One thing’s for sure though: with veteran series producer Rod Fergusson at the helm, Gears of War looks to be in good hands indeed, and the team at The Coalition is using their experience rebuilding the first game as a learning experience for the future. Upon Fergusson’s arrival at Black Tusk, as it was still known then, he tasked the team with a week or two of nothing but playing Gears games, the idea being to bring everyone up to speed quickly and furnish the entire team with an intimate understanding of what makes the games tick. The Ultimate Edition of Gears of War thus serves a handful of different functions: not only does it fill a slot in Microsoft’s end-of-year blockbuster blitzkrieg, but it also gets a Gears game on Xbox One to let people know that the series will see a continuation. Most importantly for the future of the franchise, it serves as, in Fergusson’s words, “the perfect on-ramp” for the team to take the franchise forward with Gears of War 4.

And what of Gears 4? That game was also fully unveiled back at E3, with Fergusson rather surprisingly demoing a six-minute playable slice that introduced the characters of JD and Kait and the beautifully rendered, dark and creepy world they inhabit. Not much is known about the setting for the game – we’re assuming it’ll still take place on Sera, but there’s no indication what time period it’s set in, who these two new leads are, or even what it is they’re doing.

One thing we can discern is, perhaps, the tone of the game. Gears has never been anything other than a big summer blockbuster action game, but the first instalment definitely had some horror stylings to it – it was massively influenced by Resident Evil 4, after all. For all its pale snarling monsters, impossibly-proportioned soldiers and Cole Train “Woo!”s, it was, at times, a darkly atmospheric experience, as anyone who remembers the foreboding, rain-soaked Lethia Imulsion Facility can attest, and while the later games didn’t necessarily lose that atmosphere, they definitely leant more towards the all-out-war side of the Gears experience. Gears 4 seems to be heading back to that tone, with the demo showcasing two lone Gears tracking some elusive, deadly prey through a deserted town in the midst of a deafening storm, only to discover that some hideous organic growth has taken up residence in the absence of people.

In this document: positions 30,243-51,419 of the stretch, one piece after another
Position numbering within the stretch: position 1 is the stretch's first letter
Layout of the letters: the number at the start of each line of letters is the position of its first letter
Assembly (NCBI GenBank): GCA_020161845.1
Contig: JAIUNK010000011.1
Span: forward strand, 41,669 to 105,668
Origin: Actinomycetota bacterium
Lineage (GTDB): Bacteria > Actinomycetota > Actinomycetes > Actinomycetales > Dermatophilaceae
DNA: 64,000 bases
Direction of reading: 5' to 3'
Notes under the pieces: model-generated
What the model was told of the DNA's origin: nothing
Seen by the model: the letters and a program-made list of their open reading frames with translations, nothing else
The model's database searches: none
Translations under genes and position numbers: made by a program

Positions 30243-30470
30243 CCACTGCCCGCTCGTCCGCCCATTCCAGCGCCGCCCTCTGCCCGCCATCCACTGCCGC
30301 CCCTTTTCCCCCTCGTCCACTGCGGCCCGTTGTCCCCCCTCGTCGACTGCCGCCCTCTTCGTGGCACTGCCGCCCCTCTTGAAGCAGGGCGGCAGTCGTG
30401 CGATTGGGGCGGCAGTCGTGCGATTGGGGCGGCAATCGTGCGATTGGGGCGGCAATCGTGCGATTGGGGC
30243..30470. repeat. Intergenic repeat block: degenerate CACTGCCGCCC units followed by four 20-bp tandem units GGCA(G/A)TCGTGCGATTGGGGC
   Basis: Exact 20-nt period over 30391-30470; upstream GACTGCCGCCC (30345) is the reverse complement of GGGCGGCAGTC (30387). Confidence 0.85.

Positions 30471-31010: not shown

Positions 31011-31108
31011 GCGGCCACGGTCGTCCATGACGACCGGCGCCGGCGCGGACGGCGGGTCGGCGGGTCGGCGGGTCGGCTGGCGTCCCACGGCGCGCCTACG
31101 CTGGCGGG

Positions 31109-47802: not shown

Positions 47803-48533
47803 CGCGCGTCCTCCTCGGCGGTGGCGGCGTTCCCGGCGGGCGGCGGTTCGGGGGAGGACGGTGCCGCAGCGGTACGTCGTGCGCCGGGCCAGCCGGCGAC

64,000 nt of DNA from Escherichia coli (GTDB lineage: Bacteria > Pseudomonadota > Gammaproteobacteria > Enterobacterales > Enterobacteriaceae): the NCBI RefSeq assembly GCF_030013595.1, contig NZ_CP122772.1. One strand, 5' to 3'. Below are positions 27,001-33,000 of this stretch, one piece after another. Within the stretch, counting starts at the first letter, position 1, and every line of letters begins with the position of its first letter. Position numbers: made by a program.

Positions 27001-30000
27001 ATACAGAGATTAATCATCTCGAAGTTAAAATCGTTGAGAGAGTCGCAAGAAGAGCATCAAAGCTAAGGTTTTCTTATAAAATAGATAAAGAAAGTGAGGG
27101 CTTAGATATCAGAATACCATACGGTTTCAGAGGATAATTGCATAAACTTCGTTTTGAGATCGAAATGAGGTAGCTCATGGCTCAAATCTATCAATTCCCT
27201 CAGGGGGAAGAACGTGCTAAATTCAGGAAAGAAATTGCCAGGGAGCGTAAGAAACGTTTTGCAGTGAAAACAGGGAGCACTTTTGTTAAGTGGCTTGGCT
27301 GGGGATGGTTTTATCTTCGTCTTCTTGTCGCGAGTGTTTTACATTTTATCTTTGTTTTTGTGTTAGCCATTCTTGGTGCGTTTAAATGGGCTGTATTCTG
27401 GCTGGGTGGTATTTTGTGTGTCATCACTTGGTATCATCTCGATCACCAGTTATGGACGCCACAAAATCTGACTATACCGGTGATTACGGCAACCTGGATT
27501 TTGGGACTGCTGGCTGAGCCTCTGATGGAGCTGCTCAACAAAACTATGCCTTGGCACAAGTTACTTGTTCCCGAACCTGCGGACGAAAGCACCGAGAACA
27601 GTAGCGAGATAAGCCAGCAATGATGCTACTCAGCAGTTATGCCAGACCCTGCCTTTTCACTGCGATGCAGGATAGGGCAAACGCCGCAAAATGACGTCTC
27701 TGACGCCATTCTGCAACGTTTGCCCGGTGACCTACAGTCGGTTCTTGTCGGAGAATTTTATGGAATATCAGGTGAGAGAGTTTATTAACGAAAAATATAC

Just what is going on in Gears 4 will be the subject of much speculation for fans of the series as we head towards its late 2016 release, but right now, all eyes are on The Coalition’s shiny rebuild of the game that started it all. It’s time to start flexing that active reload finger.

Halo 5 victory bros
The Halo 5: Guardians multiplayer beta begins in earnest next Monday, but this past weekend members of the Xbox One dashboard preview were allowed a short peek past the curtain. We got to take a look at the content that will make up the first week of the three-week test: 4v4 arena multiplayer on two maps, Empire and Truth. Empire is a small, asymmetric map set either on Earth or a human-controlled colony, while Truth, a remake of Halo 2 classic Midship, offers a little more room to manoeuver.